A History of David Yost's Solo Tripping Canoes by Charlie Wilson

Glenn MacGrady

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Charlie Wilson—sorely missed as an expert poster here—has written the following history and specification comparison of David Yost's solo tripping canoes over the past 40 years and has authorized me to post it.

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David Yost’s original Solo Tripper, 15.5 ft by 30” max, 27” wl was offered as a Fiberglas or strip-built canoe in the Canoe Specialists 1981 Catalog, a mold having been made by Curtis Canoes. The hull had flared sides and minimal rocker with a Length to Width ratio over 6.5.

The next year Yost designed the Vagabond, a 14’8”X27.5/25.5” smaller version tripper for Curtis, with 1.5” of the shouldered tumblehome he developed for the DragonFly and 1.4” symmetrical rocker. The abrupt tumblehome required a two-piece mold split along the keel line.

Yost also designed similar sized tripping solos for Sawyer, the StarLight, 13’4” X 28/25 and the Autumn Mist, 14’10”X30.5/28, both with minimal rocker and 2” of bubble sided tumblehome with W/L ratios nearer 6. Bubble sides allowed the hulls to be extracted from single-piece, split, molds. Seats were height adjustable sliders and rocker was minimal.

DY and Curtis updated the larger Solo Tripper in 1985 with Nomad, at 15’4”X28.5/26.5”, symmetrically hulled with shouldered tumblehome and symmetrical rocker. The hull had increased stem layout so waterline is shorter than overall length indicates. Yost also designed a wood and Dacron 15’ X29/26” solo tripper, Mistral, for Loon works in1989. Molded by Colden Canoe in the mid 2010s, the Nomad mold was destroyed at DY’s suggestion in 2021.

He designed his third “small class” tripper, the Loon,14’ 6”X28/26” and his fifth medium class, the Heron, 15’X29/27” for Swift Canoe ~1990, both bubble sided to come out of split rather than two piece molds and with symmetrical rocker.

In the later 90’s Bell Canoe needed a solo tripper and Merlin II, 15’X29/27”, DY’s sixth large series solo tripper, was stripped and molded; slightly Swede Form with shouldered tumblehome; the first DY tripper with differential rocker and differential radii at bow and stern, the bow’s arc larger to improve maneuverability, the stern’s tighter to resist paddler induced yaw.

Hemlock Canoe developed their Peregrine and Kestrels from Nomad and Vagabond. Both Hemlocks have flatter bottoms and reduced rocker. Initial stability is increased with speed and maneuverability somewhat compromised.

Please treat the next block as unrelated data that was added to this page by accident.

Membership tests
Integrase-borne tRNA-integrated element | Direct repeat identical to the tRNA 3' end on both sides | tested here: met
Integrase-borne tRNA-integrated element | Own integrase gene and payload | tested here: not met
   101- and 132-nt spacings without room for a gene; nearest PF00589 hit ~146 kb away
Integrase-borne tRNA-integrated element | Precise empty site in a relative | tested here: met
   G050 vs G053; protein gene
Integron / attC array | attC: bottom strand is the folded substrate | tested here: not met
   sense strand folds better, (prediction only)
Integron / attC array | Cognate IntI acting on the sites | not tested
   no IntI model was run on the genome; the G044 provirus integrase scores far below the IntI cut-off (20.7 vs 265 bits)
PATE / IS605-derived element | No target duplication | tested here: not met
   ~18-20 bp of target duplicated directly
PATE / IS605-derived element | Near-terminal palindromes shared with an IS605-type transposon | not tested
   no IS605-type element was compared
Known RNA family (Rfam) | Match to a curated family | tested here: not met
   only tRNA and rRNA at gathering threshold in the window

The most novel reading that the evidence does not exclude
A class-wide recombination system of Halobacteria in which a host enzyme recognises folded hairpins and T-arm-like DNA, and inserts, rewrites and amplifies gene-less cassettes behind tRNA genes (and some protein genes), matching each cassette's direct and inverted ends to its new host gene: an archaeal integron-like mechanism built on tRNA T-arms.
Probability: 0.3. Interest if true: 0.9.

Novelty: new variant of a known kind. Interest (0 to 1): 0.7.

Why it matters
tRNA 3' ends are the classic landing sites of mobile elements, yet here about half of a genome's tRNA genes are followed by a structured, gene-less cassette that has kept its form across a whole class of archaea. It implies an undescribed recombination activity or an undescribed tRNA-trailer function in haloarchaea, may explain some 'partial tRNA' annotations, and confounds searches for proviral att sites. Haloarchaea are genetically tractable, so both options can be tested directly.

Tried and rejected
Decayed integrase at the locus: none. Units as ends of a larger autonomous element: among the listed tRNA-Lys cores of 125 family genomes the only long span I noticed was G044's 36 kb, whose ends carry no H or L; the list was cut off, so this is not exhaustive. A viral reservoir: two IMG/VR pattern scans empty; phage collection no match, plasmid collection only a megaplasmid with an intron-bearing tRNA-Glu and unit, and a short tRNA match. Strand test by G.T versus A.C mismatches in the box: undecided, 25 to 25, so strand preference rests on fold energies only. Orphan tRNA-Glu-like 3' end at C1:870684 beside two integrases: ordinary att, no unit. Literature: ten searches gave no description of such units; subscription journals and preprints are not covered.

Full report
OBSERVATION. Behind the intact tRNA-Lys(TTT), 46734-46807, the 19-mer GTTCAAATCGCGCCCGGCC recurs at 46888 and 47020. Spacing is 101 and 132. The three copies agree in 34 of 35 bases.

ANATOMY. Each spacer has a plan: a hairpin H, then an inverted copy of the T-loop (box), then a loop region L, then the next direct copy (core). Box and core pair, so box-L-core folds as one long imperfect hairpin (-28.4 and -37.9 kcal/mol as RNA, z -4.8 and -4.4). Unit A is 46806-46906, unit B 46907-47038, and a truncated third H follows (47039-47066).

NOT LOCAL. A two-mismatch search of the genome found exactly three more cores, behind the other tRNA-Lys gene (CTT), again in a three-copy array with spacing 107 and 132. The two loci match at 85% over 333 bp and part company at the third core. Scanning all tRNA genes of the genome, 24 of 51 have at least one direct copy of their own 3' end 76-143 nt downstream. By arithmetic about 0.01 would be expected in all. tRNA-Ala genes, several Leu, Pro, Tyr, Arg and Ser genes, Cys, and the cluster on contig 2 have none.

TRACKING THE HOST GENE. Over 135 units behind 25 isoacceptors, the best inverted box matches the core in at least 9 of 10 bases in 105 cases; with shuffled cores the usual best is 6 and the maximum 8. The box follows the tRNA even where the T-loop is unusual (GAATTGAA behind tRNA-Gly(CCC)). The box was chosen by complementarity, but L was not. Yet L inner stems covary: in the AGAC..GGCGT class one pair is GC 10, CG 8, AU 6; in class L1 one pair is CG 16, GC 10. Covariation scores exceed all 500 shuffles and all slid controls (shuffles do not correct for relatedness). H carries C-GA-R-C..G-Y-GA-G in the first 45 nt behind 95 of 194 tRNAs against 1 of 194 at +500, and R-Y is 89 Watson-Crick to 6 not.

Designed for pack canoe outfitting with low seat for double blade paddling, Placid boatworks’ RapidFire, 15’X27.5/25”, R 1.5/1”, is slightly Swede Form with shouldered tumblehome and strongly differential rocker, and was DY’s fourth small class solo tripper in 2005. Placid’s combination of infusion with integral, composite rails significantly reduced hull weight.

DY’s seventh standard sized hull is Swift’s Keewaydin 15, introduced in 2011; 15’X29.5/26.5”, R 2/1”, mildly Swede-Form with bubble sides and stepped bow rocker. The additional width was added to fit today’s larger paddlers. DY’s new stepped rocker is applied throughout the Keewaydin series to improve forward speed and maneuverability.

DY designed his fifth small class solo tripper for Swift as the Keewaydin 14 over winter 2013-14, featuring tumblehomed sides with slight Swede form, and differential rocker with stepped bow rocker. At 14’ X28”/25”, R 1.5/.7”, it is more efficient at cruising speed than the larger Solo Trippers due to reduced wetted area. Infusion manufacturing with integral foam and composite rails significantly reduces hull weight for Kee 14 which is available as a web seat, single blade canoe and in low-seat, double blade, pack canoe, configuration. Swifts Cruisers, developed in the last few years are more Delta shaped, have more bow rocker for improved maneuverability and S shaped rails to improve reach to the water. Available with pack canoe or canoe seating, the canoes prefering bent paddles.

Ted Bell/ NorthStar Canoes commissioned the NorthWind Solo from DY’s son, Carl, over the same period, the eighth Yost designed Solo Tripper, up-sized to fit larger paddlers at 15.5’ X 30” / 26.5”, 2”/1” NorthWind Solo has slight Swede form and shouldered tumblehome but reduced rocker and does not include stepped bow rocker to visually resemble to the older Bell canoes in NorthStar’s line. Early NorthWInd Solo hulls exhibited hog, from hurried mold building or applying straight rails to lightweight hulls, so do not maneuver as well as the rocker specs suggest.

NorthStar’s Charlie Thompson worked with DY in the fall of 2016 to develop a sixth small class tripper, Trillium, at 28.5” wide, 24” waterline and 14.5’ length. It claims increased rocker, 2.5” bow and 1.5 stern and should be a nice boat for small to medium sized paddlers and the most maneuverable of the small class hulls. To maintain trade dress with other NorthStar solos, Trillium does not have the stepped bow rocker. DY thinks of Trillium as a shorter Bell Merlin II.